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Maddie's Pet Rescue Project Depends on Foster Volunteers to Reach "No-Kill" Status | Community Spirit

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Maddie's Pet Rescue Project Depends on Foster Volunteers to Reach "No-Kill" Status
Maddie's Pet Rescue Project Depends on Foster Volunteers to Reach "No-Kill" Status

Karly, a ten week old puppy, came to Black Dog, Second Chance from the City of Buffalo Animal Shelter on February 12th.  She was lethargic and dehydrated, and the Director of the Shelter knew that a kennel was not a suitable environment for a sick puppy.  The day after being taken in by Black Dog, Second Chance, Karly tested positive for parvo, a potentially devastating virus.  Due to the Director’s quick thinking and the foster volunteer’s actions, Karly, pictured above, is recovering at a nearby veterinary hospital. 

Karly’s story is not uncommon to the partners of the Maddie’s® Pet Rescue Project.  In the past, a puppy with an unknown illness might have been euthanized.  The Buffalo Animal Shelter is a cash strapped operation that relies on its dedicated volunteers and small staff to rescue and treat more than 3,000 dogs and cats a year.  Yet, because of an alliance among area rescue groups, there has been a focus on transferring animals with treatable medical conditions out of area shelters and into foster homes.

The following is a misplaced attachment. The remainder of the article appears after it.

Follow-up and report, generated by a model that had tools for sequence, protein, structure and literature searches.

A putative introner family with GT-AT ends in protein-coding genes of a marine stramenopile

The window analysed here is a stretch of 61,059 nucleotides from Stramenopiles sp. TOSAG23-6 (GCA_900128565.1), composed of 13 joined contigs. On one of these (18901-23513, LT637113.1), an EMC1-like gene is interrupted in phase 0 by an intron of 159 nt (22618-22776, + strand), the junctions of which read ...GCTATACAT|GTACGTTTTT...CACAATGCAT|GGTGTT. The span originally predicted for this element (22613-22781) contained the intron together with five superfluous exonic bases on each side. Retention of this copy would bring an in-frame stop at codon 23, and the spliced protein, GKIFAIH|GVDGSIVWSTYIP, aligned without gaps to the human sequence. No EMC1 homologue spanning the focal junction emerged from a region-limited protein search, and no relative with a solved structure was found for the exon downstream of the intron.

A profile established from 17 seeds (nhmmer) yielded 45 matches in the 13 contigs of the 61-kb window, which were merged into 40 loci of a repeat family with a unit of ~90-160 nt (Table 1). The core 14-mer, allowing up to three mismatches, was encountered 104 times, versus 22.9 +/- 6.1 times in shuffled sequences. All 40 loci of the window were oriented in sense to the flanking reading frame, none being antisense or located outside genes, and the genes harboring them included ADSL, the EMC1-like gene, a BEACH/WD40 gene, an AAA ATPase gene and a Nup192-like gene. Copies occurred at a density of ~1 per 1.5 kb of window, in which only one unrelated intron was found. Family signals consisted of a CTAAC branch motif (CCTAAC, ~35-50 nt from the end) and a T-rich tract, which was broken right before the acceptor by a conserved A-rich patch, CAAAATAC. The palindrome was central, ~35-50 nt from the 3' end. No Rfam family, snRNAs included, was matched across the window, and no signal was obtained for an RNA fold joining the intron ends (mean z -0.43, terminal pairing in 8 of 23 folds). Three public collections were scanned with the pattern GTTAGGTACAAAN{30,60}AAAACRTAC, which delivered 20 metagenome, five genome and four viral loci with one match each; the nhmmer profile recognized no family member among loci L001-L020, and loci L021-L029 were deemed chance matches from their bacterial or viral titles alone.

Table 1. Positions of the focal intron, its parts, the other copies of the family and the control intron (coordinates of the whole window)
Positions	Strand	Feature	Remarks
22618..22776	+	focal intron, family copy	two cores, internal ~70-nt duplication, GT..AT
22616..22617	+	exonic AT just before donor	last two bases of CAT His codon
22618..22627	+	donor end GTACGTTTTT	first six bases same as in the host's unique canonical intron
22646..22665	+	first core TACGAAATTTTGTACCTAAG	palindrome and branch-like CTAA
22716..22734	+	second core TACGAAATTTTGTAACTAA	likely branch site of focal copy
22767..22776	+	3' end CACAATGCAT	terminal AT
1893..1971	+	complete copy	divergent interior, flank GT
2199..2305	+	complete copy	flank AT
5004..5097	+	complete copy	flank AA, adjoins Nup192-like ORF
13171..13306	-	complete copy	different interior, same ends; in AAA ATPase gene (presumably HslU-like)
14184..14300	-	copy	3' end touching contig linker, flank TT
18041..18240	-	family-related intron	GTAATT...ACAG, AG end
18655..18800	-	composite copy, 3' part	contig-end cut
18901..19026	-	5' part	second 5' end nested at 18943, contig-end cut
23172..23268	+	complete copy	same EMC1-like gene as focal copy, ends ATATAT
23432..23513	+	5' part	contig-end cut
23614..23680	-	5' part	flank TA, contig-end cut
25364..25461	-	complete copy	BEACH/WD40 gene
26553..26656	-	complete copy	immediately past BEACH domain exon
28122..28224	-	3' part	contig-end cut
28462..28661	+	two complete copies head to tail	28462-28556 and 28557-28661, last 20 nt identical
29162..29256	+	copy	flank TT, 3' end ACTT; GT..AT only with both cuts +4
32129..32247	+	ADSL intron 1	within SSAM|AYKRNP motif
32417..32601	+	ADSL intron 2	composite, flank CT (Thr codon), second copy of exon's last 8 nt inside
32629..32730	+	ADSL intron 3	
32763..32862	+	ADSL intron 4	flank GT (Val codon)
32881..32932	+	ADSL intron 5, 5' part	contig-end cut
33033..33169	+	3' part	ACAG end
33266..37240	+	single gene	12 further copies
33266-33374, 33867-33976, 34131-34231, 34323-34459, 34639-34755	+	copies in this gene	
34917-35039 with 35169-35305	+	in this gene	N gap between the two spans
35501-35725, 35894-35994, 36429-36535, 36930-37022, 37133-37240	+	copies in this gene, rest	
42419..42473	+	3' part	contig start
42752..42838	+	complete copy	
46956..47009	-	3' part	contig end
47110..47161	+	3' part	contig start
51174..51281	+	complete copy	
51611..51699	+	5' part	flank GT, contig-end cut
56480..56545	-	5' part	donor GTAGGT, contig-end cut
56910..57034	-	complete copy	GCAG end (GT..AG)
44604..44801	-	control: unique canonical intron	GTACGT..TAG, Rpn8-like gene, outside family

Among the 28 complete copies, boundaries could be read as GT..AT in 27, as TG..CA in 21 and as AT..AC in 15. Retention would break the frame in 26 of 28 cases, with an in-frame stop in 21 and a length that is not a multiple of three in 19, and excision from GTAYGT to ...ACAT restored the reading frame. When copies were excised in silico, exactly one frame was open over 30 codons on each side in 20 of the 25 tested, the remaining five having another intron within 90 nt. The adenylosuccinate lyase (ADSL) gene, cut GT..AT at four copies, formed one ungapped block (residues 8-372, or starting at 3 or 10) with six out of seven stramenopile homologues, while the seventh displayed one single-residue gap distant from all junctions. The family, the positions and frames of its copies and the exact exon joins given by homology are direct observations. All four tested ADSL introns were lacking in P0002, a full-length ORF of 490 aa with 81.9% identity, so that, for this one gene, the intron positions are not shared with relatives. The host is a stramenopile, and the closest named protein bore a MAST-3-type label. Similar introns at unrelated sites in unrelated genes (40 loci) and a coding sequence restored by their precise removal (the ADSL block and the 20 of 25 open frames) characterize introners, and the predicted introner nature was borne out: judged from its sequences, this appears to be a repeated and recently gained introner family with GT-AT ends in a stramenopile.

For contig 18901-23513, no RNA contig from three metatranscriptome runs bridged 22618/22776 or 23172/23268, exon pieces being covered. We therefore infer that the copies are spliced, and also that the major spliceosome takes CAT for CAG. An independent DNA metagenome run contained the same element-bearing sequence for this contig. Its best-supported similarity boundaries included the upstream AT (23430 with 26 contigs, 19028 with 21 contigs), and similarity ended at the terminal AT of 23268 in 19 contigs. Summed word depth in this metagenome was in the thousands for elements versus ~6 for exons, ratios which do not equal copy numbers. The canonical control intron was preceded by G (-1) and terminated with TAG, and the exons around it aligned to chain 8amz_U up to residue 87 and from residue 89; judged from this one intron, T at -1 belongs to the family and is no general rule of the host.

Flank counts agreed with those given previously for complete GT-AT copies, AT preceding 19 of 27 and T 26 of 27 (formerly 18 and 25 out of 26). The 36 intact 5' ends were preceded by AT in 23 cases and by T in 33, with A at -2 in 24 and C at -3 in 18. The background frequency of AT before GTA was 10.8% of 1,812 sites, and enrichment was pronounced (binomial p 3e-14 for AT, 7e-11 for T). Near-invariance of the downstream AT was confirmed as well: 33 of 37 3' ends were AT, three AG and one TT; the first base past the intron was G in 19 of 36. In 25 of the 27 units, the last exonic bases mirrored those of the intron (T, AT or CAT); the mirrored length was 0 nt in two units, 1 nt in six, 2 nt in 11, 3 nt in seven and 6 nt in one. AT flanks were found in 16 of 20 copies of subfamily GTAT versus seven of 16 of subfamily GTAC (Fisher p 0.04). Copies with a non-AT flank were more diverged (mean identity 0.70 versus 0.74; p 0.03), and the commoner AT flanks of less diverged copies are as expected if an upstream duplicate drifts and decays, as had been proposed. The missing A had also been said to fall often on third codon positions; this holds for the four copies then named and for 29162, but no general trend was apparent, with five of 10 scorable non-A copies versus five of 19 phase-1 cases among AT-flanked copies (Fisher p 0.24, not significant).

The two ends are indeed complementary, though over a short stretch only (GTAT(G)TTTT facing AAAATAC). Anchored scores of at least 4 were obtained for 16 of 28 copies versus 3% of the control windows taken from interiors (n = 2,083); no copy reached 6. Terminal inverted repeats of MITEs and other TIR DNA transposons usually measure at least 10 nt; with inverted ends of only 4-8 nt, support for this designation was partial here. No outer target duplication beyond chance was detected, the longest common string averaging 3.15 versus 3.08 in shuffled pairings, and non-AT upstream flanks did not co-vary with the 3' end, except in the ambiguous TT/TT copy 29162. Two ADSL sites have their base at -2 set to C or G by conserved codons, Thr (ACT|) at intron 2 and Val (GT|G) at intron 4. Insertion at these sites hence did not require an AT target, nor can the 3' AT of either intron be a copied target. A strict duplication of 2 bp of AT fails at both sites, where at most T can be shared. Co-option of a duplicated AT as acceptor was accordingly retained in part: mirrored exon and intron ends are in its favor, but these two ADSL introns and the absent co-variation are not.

The Maddie’s® Pet Rescue Project in Erie County was established in October of 2009 to end the euthanasia of healthy and treatable dogs and cats by the year 2014.  The Project partners include: Black Dog, Second Chance; the City of Buffalo Animal Shelter; HEART; Second Chance Sheltering Network; the SPCA Serving Erie County; and Ten Lives Club. 

Since the Maddie’s® Project began, not one healthy dog or cat has been euthanized by the Buffalo Animal Shelter, or any other organization in Erie County.  The Project partners have been able to reduce the euthanasia of animals with treatable medical conditions by 70% as compared to 2007’s statistics.  This lifesaving achievement demonstrates the commitment that the Maddie's® Project partners have to guaranteeing a home for all dogs and cats, including those with treatable or manageable health conditions.

To further reduce the euthanasia of dogs and cats in Erie County, the Project partners are in need of foster volunteers.  Since January 1, 2011, the partners have taken in over 1,600 dogs and cats, from a dog requiring emergency surgery to remove a foreign body to a cat found frozen in a snowbank.  Without adequate foster homes to allow animals to heal, their fate may not have been so promising.

As spring approaches, kitten season will begin and seasonal viruses such as distemper will crop up.  To learn how you can become a foster volunteer with one of the Maddie’s® Project organizations and help the coalition to succeed in its no-kill mission, visit www.MaddiesErieCounty.org

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